With Email, Tweets, Facebook, Instagram, Zoom, Skype, and dozens of other social media and internet sites all operating through a few large privately owned computer servers, it was only a matter of time before the owners of these devices began making their own rules and regulations on what was allowed to be transmitted through their systems.  Political ideologies began to creep into business decisions. 

Now, it’s becoming increasingly common for some of these companies to censor, delete or cancel customers it believes are in violation of their corporate code of conduct.  Recently, President Trump was banned from Twitter and Facebook, as were other high-profile individuals whose online behavior was determined to be in noncompliance with certain policies.

In response, these companies insist they have the right to limit or silence free speech because it’s their business and they can decide who has access to it and what they can say.  Larger tech corporations are now gobbling up the smaller ones in order to eliminate competition.  Often, an individual’s private account is redirected to a competitor’s site without the individual having knowledge of it.    

In reality, social media and cell phones have become the predominant means of modern communication.  Along with cable, satellite TV, and radio, most of the public relies upon digital platforms to obtain and share information.  Try making a phone call, texting, or searching the web without a desktop computer or cell phone.  It’s virtually impossible.

Every one of these communications is recorded and stored in some data bank; capable of being retrieved if necessary.  Likewise, with the flip of a switch – so to speak – a person’s private or business account can be shut down for being in alleged violation of corporate policy.  Excepting, delinquent accounts, of course.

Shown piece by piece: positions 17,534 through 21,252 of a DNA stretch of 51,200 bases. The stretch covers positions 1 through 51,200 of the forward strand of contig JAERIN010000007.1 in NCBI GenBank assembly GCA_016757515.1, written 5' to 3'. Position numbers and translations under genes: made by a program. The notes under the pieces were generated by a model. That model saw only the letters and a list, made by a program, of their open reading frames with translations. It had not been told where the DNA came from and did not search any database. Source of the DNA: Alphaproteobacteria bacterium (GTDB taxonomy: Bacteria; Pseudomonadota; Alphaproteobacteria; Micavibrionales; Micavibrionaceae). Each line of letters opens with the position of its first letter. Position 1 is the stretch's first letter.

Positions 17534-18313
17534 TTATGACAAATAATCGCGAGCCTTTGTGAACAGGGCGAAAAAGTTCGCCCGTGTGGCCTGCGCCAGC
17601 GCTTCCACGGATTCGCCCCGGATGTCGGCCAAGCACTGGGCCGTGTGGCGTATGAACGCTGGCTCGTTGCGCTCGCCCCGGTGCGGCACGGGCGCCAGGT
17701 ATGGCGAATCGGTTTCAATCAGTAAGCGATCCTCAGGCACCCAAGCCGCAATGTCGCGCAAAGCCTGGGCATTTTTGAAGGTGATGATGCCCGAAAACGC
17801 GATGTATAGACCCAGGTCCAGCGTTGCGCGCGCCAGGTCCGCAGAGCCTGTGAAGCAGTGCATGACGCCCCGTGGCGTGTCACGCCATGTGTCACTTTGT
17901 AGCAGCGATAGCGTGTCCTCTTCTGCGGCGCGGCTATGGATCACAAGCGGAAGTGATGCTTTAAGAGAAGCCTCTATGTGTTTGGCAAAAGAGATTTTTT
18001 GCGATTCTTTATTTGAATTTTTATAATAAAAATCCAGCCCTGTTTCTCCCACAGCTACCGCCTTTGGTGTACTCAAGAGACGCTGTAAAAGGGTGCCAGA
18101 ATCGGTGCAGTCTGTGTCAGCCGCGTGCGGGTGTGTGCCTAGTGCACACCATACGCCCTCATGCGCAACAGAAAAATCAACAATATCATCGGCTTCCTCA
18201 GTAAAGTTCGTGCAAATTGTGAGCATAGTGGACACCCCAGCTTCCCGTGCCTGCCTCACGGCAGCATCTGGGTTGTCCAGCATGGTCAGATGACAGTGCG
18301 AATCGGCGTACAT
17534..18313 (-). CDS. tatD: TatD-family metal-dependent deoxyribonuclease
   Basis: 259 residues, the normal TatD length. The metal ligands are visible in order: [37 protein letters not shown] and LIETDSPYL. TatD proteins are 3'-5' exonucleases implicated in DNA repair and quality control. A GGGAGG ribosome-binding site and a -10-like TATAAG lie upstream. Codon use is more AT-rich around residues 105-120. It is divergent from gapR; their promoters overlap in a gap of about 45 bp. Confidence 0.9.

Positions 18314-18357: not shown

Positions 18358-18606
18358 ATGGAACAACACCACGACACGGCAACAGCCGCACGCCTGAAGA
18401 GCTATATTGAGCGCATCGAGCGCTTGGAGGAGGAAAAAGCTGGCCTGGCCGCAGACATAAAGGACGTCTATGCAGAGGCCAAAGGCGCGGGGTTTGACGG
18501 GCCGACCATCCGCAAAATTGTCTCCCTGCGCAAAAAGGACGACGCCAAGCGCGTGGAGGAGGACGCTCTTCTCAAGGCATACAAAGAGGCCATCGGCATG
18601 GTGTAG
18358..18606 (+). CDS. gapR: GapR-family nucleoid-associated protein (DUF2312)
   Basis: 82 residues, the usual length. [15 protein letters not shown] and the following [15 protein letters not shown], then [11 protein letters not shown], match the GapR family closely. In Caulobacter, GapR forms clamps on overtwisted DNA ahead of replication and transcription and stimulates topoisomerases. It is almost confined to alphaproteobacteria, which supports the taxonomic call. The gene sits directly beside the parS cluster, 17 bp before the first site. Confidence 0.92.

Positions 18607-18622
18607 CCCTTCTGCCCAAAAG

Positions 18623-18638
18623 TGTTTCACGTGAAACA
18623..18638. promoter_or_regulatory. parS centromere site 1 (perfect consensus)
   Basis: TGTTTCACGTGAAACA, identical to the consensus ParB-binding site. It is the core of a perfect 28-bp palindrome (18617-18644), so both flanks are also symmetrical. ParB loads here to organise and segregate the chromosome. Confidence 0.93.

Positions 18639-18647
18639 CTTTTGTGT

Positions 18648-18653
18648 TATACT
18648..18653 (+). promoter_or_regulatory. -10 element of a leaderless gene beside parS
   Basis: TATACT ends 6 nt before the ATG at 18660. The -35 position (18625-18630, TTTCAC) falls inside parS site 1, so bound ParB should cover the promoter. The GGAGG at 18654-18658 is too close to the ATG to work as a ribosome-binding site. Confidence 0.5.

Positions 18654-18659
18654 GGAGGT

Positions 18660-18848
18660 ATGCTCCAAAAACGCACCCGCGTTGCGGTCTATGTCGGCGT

Consequently, Congress needs to become more cognizant of the immense influence these social media outfits have accumulated and begin regulating them like any other business involved in communications.  If Twitter and Facebook or similar media companies sincerely believe it’s legally permissible to restrict or delete a customer’s right to speech and opinion, then their corporate charter should be reviewed to determine if they can actually do that.  

Censorship or abridgment of speech in the United States is a serious accusation, regardless if a private business or government agency is involved.  With many tech companies wealthy enough and large enough to dominate and control social behavior, and can randomly terminate a user’s access to their site because they disagree with what is being discussed or written has become, in effect, unbridled censorship and an abridgment of the freedom of speech. 

We have free speech not as a safeguard for those we agree with, but as equal protection for those with whom we may disagree.  The right to agree or disagree – with tolerance – is the fundamental basis for a civilized society.  Without it, human suffering and tyrannies are often spawned, manipulated by delusional psychopaths who always rush to fill the void created by the absence of freedom of speech and press.